Snagit by Techsmith

This is a great tool for taking screen captures and one I use quite often.  There are a ton of options for how you want to take the screen capture.  You can choose the entire screen, just a portion of it, one window, if what you need doesn’t fit on the screen you capture a scrolling window, and you can set up custom screen capture settings.  The thing that I really like about Snagit is it comes with an editor.  In this editor you can add text, put in arrows, send it out to other programs, trim it, etc.  If I’m doing complex images, this is the tool I’ll use.  It’s not photoshop but it is a great little image editor.  The biggest drawback to Snagit is that it’s not free.  It’s not really expensive but, it’s not free.  If you do a lot of screen capturing, it is probably worthwhile getting.  If you do this on occasion, probably not so.  You can find more information about Snagit HERE.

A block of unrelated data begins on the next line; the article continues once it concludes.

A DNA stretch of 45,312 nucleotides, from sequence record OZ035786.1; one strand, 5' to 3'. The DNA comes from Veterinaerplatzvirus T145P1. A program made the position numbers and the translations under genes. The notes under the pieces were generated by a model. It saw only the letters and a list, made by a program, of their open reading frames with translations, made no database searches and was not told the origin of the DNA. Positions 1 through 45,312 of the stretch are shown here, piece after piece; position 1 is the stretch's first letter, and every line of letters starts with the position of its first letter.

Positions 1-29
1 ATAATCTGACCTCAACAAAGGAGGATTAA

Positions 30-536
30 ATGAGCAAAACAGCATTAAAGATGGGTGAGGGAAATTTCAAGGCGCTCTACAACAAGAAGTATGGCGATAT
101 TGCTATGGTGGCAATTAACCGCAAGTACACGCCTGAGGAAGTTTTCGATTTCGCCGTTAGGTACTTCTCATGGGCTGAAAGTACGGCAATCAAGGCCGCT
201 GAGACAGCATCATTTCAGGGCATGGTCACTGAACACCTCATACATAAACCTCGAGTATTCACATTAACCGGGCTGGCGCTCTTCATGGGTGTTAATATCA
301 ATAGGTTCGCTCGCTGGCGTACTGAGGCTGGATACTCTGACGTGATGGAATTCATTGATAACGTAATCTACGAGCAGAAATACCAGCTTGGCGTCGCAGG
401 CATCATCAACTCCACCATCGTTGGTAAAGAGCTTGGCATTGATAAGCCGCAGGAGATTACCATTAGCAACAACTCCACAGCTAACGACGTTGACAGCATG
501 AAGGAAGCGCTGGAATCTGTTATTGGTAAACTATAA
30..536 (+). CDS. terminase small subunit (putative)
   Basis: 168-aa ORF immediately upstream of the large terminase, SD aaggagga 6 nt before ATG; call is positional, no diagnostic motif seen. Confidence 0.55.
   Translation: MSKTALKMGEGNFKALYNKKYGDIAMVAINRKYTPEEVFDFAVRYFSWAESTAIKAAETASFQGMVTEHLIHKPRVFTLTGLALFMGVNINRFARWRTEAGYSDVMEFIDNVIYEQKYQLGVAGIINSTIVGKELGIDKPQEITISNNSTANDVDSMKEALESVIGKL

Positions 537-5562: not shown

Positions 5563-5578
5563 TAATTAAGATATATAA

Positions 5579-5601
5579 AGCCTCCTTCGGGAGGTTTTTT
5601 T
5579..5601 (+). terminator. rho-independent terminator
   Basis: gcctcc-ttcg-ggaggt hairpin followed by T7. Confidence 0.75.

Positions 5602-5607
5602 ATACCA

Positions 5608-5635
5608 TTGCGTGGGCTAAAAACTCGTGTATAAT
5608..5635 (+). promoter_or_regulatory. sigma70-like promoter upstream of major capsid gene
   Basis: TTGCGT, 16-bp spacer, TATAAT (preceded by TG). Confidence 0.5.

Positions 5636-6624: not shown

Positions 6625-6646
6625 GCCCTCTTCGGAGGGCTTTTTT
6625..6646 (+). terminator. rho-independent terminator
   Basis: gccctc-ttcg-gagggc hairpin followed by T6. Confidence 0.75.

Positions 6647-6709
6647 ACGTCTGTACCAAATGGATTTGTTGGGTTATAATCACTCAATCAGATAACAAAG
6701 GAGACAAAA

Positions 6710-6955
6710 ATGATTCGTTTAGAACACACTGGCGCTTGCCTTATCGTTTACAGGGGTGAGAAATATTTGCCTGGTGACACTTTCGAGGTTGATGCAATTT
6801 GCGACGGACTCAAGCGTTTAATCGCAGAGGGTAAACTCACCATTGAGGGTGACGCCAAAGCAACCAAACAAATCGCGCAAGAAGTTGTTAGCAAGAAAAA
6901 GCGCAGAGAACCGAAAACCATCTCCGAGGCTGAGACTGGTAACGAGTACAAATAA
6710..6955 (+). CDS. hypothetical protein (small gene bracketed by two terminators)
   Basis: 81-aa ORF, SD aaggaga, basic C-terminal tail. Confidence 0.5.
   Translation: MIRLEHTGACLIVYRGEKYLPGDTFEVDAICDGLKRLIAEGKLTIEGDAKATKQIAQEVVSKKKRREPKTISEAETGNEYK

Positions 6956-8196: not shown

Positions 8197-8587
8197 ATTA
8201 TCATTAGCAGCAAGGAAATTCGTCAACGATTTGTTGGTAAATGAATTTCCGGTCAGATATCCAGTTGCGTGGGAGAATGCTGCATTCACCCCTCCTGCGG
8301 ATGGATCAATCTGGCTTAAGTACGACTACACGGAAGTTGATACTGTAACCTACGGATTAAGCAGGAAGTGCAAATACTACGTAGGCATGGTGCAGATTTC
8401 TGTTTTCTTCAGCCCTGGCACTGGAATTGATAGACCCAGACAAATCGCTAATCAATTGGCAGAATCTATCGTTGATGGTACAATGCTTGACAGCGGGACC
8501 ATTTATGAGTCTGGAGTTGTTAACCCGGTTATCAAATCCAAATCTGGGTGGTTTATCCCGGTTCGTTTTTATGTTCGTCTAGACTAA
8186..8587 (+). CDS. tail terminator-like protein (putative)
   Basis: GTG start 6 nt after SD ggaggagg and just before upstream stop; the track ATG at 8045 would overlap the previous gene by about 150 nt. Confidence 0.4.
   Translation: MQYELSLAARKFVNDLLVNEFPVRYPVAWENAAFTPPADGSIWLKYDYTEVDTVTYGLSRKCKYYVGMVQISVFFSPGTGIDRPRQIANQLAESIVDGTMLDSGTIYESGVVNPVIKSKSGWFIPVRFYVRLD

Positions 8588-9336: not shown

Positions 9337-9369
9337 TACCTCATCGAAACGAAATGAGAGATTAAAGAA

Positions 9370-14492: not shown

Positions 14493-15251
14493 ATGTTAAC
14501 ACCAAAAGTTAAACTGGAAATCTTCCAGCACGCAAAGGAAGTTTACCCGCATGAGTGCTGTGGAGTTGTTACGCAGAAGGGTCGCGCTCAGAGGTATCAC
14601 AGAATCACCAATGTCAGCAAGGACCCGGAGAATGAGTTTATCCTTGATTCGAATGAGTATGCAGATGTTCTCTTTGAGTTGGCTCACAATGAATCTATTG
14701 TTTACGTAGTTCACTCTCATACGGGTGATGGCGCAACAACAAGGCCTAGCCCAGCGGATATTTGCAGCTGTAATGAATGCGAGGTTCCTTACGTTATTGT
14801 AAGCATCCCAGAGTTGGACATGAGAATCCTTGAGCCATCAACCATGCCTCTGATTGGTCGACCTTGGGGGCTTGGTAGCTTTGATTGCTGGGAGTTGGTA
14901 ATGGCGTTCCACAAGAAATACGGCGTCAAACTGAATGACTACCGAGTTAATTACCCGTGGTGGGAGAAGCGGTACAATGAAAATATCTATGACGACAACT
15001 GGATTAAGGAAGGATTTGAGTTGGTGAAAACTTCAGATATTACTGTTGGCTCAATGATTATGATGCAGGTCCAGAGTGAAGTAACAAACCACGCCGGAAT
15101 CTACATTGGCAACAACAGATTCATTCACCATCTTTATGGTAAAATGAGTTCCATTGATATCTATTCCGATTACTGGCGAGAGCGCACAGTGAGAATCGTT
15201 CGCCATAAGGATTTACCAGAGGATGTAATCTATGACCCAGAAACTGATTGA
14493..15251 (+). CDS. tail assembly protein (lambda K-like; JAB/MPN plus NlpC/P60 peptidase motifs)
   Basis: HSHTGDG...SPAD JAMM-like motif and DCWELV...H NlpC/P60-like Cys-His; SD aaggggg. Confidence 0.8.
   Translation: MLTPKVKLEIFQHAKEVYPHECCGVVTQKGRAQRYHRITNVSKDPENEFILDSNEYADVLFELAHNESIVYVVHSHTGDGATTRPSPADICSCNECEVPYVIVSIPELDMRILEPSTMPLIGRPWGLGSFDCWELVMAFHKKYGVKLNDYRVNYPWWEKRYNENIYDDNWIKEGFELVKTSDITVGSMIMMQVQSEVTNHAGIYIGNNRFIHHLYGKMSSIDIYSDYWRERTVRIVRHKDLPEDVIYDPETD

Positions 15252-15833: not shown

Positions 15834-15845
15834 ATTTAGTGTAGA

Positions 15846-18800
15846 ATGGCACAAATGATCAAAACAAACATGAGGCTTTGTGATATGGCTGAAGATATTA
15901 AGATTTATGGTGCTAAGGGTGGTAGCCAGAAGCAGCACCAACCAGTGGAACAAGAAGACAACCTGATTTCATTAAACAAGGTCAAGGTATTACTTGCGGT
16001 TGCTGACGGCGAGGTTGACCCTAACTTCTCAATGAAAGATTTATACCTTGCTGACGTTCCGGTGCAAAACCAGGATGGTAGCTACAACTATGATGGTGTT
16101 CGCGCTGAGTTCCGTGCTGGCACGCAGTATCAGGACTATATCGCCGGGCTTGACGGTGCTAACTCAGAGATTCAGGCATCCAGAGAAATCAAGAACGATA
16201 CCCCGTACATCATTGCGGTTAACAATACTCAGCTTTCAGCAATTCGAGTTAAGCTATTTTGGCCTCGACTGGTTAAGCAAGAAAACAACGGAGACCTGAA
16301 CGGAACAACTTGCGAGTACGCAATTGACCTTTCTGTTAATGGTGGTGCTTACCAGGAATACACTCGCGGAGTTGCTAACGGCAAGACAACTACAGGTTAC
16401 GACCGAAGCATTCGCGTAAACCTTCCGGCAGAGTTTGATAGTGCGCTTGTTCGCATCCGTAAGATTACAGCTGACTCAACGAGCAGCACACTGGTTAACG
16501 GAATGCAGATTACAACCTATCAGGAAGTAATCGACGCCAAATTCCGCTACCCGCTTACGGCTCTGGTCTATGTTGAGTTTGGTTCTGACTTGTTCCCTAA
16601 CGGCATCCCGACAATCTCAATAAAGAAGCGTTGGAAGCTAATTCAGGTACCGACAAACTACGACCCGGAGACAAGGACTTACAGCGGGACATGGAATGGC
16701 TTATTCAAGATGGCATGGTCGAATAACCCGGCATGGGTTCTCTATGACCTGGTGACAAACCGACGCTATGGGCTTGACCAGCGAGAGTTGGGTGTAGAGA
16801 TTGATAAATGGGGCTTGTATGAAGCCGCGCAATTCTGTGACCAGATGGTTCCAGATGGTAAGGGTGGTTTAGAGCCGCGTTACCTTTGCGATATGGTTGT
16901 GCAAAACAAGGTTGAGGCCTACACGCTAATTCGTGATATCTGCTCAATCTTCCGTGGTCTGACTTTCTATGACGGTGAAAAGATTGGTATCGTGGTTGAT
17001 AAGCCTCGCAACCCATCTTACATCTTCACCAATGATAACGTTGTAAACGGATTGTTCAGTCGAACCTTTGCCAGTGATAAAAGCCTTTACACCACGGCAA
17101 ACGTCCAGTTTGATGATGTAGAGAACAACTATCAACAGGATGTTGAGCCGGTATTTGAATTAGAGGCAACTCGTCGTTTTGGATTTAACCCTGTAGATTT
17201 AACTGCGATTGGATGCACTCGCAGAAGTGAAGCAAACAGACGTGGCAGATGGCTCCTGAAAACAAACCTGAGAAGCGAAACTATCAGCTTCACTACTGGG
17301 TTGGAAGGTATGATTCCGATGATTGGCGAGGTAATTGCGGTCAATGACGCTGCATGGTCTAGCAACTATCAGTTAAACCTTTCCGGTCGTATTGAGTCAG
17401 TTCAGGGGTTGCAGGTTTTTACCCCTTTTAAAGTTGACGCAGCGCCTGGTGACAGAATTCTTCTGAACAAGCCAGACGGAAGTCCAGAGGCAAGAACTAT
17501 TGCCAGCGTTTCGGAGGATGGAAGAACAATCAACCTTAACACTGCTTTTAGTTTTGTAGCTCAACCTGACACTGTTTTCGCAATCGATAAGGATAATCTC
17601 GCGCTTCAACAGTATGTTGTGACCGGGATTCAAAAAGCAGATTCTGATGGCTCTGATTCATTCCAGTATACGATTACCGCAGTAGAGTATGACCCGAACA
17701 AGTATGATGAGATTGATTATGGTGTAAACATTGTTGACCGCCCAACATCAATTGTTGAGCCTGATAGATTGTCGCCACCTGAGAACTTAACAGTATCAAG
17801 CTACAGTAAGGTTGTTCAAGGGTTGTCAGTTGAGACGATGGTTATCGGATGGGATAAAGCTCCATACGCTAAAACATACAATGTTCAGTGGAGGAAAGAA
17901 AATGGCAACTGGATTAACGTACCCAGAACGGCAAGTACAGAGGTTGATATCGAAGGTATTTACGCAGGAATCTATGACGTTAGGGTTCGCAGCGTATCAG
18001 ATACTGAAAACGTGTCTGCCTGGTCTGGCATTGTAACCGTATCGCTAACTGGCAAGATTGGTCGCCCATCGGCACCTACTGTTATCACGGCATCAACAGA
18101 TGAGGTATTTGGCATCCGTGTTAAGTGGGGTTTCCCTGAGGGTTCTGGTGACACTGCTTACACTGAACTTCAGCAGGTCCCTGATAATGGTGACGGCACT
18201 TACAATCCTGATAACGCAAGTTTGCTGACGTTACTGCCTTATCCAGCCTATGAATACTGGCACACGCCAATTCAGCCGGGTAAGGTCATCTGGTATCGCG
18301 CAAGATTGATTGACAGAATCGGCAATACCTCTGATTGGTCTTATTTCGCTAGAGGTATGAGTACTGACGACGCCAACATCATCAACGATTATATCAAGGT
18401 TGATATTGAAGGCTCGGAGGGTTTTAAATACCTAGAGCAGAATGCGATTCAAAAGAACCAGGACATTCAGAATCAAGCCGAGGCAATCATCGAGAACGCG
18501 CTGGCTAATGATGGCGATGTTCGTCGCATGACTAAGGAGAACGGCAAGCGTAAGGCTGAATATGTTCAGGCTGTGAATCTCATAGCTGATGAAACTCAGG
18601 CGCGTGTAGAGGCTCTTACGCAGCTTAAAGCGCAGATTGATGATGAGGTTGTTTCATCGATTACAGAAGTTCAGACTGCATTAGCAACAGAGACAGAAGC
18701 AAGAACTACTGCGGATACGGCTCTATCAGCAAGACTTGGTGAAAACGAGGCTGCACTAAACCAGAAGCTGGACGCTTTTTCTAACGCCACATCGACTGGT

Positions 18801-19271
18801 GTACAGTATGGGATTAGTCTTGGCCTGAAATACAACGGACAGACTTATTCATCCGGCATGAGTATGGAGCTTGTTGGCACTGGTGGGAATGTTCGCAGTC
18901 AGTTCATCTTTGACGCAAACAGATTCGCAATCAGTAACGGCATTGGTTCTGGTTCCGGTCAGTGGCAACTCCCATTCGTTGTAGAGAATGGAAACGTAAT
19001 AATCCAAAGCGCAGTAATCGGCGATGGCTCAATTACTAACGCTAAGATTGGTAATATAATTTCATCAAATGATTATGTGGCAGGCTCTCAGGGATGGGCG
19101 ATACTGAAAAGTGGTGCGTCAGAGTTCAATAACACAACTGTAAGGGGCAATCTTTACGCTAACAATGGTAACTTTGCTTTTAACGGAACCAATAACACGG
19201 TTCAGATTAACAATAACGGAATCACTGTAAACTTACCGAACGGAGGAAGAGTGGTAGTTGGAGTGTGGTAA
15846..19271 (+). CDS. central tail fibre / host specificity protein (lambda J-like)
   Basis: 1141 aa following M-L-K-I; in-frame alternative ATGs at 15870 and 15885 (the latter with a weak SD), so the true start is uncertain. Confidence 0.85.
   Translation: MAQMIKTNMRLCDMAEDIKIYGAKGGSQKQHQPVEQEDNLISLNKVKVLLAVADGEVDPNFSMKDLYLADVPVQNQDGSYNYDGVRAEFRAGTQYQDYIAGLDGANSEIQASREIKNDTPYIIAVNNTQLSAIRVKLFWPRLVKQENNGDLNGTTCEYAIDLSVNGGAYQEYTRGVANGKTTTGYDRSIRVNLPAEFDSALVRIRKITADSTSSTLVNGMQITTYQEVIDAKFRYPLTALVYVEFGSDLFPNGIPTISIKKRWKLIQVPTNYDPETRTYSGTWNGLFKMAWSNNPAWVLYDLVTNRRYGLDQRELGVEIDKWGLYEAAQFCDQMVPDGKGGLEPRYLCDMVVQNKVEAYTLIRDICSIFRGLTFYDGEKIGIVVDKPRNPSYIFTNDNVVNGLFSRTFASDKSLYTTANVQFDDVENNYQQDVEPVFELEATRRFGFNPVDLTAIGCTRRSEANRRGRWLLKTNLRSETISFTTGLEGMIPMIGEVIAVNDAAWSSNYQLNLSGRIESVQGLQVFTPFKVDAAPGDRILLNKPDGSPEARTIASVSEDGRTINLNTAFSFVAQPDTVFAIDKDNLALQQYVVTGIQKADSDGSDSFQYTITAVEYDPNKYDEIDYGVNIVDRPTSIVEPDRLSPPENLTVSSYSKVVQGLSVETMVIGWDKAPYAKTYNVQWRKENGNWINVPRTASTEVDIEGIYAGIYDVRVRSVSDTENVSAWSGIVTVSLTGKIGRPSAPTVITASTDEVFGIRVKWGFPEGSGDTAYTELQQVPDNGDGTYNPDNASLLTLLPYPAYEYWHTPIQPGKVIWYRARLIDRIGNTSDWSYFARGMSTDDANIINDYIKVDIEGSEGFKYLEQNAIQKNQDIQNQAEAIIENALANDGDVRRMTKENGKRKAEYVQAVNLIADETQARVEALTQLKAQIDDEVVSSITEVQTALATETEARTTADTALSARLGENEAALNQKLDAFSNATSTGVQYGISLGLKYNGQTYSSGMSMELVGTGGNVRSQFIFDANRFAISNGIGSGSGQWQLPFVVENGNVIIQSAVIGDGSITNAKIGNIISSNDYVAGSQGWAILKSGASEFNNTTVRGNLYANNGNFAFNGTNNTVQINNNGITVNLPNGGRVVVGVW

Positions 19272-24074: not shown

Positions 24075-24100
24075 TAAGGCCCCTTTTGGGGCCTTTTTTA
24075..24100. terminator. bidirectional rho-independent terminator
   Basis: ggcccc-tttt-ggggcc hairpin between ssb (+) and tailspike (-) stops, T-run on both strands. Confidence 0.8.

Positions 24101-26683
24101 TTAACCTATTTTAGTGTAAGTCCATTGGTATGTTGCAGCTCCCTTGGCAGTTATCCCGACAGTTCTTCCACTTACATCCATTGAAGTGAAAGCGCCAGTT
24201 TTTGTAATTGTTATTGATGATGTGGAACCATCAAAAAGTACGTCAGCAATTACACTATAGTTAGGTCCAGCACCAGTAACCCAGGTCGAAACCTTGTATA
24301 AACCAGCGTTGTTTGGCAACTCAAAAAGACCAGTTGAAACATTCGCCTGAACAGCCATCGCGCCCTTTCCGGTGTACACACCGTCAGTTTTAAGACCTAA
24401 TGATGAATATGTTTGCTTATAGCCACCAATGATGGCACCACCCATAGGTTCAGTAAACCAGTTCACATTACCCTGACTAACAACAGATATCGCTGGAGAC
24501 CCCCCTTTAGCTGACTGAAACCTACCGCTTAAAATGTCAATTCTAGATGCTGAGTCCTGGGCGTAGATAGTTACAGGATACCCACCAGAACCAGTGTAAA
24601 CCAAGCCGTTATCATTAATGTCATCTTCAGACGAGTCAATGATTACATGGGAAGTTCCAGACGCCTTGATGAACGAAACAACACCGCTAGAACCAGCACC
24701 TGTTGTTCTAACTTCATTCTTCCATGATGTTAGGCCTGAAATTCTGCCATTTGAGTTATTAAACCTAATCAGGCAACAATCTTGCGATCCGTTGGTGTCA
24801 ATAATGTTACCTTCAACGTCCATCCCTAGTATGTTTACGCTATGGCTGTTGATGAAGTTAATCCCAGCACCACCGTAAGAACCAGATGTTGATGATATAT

Jing by TechSmith

TechSmith also has a little program called Jing.  This is a great program because not only does it allow you to choose the area that you want to take the screen capture of, it also allows you to publish it directly to the internet for use online.  In order to do this, you have to set up a Screencast account.  Don’t worry, just like Jing, Screencast is free!  The other cool thing about Jing is it also allows you to do video capture of you screen and publish that to the web as well.  It’s limited to three minutes of video but, hey, that’s all most people need.  Once the file (image or video) is uploaded, the link to it is immediately placed in your clipboard so you can paste it wherever you need it.  You also have the option to save the image, edit it in Snagit, or even post it up to Twitter.  I often find myself taking a screen capture of something with Snagit, editing it in the Snagit Editor, and then taking a screen capture of the Snagit editor with Jing to quickly share it online.

I’m sure there are other programs out there and some that might even be better then these but, I like these programs, especially Jing.  If you use a different program, let me know.  I would love to check it out.